The comic strip, on its face, is a crude form of communication and an even cruder form of expression: little boxes, filled with rough dialogue and rougher caricatures. The world of fine art refuses to claim the comic strip, no doubt due to its perceived grubby newspaper origins; besides, the form is too narrative for the painters and too visual for the writers.
Yet there is nothing inherent in the structure of the comic strip that necessitates crudity. The juxtaposition of picture and text can add resonance and depth; the relatively rigid gridlike form can, like a camera in the hands of an auteur, direct the gaze of the audience to detail, form and texture, and force that gaze through the narrative with precisely timed and inexorable progress.
Chris Ware is one of comics' most talented young artists, famed for the meticulous, architectural precision of his drawing, his simultaneously loopy and brutal stories, and a mind-boggling eye for detail: Ware is to the comics medium what Eisenstein and Kurosowa were to the cinema. "Jimmy Corrigan: The Smartest Kid on Earth" is his magnum opus, an elaborate, nearly-400-page bildungsroman that spills out onto the endpapers and the folded, poster-sized two-sided dust jacket. Despite the volume of tiny panels, rambling digressions and cutout toys, every word, every picture, every detail lingered over either deepens character or advances the story of the hapless title character.
"Jimmy Corrigan" is a shy, lonely, middle-age man living in Chicago. A letter from his long-estranged father draws Jimmy from the city toward a reunion that will open up wounds that have spanned three generations. The stories of Jimmy's great-grandfather, grandfather and father weave in and out of each other; at times, only context reveals which Jimmy Corrigan we are reading about. The history of the Corrigan males is played out from Chicago's Colombian Exhibition of 1893 to the steadily deadening world of the modern Midwest. Each has clung to visions of the past in order to face a heartless present; all have been nearly crippled by loneliness, cruelty and a bathetic need to be liked. Jimmy's meeting with his father, who needs his son's approbation as strongly as his son needs his, raises the possibility of a family for the first time; the revelation that Jimmy has an African-American half-sister raises the stakes on that possibility.
In each iteration of Jimmy's life, we see very few faces and virtually none from outside Jimmy's family: Only children and a handful of adults (seen from a distance) have held Jimmy's eye. This isolation translates so smoothly onto the page that most readers may never notice it, but it adds disquiet to the otherwise elegiac pacing, structure and mood of the book. Tiny panels, each contributing to geometrically balanced individual pages, slow the pace of the story and force the reader to pause with Ware over details: a yellowjacket on a windowsill, an uneaten meal, the ambient sounds that rise to fill awkward silences.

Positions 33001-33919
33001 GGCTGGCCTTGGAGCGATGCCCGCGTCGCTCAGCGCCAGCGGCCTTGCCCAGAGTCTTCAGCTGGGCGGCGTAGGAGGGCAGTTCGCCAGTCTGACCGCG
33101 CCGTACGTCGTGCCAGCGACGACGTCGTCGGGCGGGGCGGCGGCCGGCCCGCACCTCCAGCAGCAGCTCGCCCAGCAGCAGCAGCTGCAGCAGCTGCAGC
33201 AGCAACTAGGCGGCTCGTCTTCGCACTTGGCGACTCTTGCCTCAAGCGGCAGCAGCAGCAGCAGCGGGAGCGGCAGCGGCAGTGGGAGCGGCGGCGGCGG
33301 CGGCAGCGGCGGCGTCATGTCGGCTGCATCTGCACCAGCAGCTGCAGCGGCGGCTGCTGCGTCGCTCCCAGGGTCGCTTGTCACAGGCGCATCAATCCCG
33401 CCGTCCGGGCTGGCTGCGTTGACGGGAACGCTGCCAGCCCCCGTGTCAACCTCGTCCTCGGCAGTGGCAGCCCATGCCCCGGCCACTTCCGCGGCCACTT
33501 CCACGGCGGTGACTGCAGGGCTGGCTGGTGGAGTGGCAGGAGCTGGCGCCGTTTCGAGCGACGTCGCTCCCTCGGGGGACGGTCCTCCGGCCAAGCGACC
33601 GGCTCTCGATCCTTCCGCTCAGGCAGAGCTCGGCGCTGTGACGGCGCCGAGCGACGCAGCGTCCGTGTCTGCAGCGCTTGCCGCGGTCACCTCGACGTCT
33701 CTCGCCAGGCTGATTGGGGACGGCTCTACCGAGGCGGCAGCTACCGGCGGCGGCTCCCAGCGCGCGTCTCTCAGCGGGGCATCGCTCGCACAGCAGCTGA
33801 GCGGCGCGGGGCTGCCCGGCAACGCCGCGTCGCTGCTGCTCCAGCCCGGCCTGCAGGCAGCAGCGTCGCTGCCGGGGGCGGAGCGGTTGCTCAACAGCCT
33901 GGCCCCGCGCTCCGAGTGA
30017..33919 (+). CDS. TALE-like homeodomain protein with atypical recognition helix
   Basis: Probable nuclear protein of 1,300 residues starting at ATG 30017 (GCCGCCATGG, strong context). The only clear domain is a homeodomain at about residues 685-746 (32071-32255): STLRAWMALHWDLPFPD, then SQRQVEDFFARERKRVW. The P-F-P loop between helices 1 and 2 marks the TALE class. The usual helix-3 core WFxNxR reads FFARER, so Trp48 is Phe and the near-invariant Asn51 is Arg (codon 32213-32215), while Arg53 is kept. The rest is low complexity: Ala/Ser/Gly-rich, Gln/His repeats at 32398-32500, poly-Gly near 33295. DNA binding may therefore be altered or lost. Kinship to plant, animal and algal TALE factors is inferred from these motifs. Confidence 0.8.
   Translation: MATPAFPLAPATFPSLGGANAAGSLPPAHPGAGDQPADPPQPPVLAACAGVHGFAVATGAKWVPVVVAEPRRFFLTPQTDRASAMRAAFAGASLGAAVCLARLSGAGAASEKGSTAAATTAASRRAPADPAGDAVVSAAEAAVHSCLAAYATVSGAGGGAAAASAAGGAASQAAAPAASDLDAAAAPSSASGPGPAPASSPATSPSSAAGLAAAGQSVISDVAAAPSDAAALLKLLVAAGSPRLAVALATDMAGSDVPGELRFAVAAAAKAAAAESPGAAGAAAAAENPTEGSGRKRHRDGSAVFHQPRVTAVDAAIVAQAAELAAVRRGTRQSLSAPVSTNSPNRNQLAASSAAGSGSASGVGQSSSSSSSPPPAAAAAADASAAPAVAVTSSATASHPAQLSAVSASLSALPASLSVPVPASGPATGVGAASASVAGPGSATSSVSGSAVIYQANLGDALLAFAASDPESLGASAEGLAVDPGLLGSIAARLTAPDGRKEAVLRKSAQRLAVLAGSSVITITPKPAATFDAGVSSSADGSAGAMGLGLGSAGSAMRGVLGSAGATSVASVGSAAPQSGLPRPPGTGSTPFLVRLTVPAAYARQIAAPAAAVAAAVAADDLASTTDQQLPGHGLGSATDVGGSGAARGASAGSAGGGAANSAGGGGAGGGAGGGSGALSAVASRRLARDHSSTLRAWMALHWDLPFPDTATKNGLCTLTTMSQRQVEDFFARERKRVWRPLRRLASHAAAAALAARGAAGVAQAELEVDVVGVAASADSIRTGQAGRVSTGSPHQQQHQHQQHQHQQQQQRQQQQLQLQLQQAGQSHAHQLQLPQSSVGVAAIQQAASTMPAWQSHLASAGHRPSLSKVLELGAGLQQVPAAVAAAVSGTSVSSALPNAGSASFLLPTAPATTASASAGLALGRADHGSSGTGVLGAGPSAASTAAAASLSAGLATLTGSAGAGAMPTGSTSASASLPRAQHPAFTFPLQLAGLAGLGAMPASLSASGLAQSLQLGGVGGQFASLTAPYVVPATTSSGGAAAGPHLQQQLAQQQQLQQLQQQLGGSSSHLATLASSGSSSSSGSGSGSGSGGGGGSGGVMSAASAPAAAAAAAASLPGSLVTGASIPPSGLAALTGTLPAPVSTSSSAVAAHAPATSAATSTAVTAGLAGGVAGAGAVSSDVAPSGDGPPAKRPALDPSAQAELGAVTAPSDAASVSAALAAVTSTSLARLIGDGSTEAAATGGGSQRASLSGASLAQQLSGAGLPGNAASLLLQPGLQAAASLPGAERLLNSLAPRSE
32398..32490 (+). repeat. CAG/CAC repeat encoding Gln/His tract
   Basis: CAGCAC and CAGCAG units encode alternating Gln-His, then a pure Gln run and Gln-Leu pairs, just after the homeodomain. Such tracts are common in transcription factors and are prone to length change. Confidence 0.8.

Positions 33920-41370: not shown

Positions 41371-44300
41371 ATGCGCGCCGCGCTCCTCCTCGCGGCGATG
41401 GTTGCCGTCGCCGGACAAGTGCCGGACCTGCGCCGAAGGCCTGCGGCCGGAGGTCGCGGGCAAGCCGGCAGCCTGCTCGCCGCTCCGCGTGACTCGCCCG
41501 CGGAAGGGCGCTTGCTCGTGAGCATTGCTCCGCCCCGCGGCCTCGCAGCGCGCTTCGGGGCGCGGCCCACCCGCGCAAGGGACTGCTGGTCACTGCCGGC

Ware shows no mercy; he dissects his sad little man's desperation coldly and dispassionately, leading to a stunning 72-page sequence that pulls the pieces of the story together and tears them up before Jimmy's unbelieving eyes. The silent, gray winter that Jimmy returns to is heartbreaking: There are no more superheroes to leap from the tall buildings, no more fantasies, no more past to cling to, and each flake of snow is painstakingly drawn against the empty buildings.
"Jimmy Corrigan" is a significant book, not just a significant comic book (I refuse to ghettoize it by calling it a "graphic novel"). Yet it is a comic, and that form -- and Ware's masterful handling of it -- is what gives Jimmy Corrigan such power. There's a reason Jimmy Corrigan is a comic strip and not a novel or a film; comics are uniquely suited to telling a story that is static, oblique, dependent largely on visions of the past and characters with a tendency to deflect emotions onto objects. By juxtaposing a visual narrative comprised of austere, elegantly lined pictures against the realistic, fractured nondialogue of people trying to meet across vast emotional space, Ware manages to create an effect that is both highly stylized and transparent, at once guiding the reader's gaze while leaving her alone and uncomfortably omniscient.
Ware, whose diction and style seem a product of early-20th-century advertising, has expanded the limits of the comic strip by recognizing those visual and narrative devices particular to it. In a way, he reminds me of Jimi Hendrix, the first person to recognize that an electric guitar was a fundamentally different instrument than an acoustic guitar. Hendrix forever altered the nature of the electric guitar; I suspect Chris Ware could forever change the nature of the comic strip.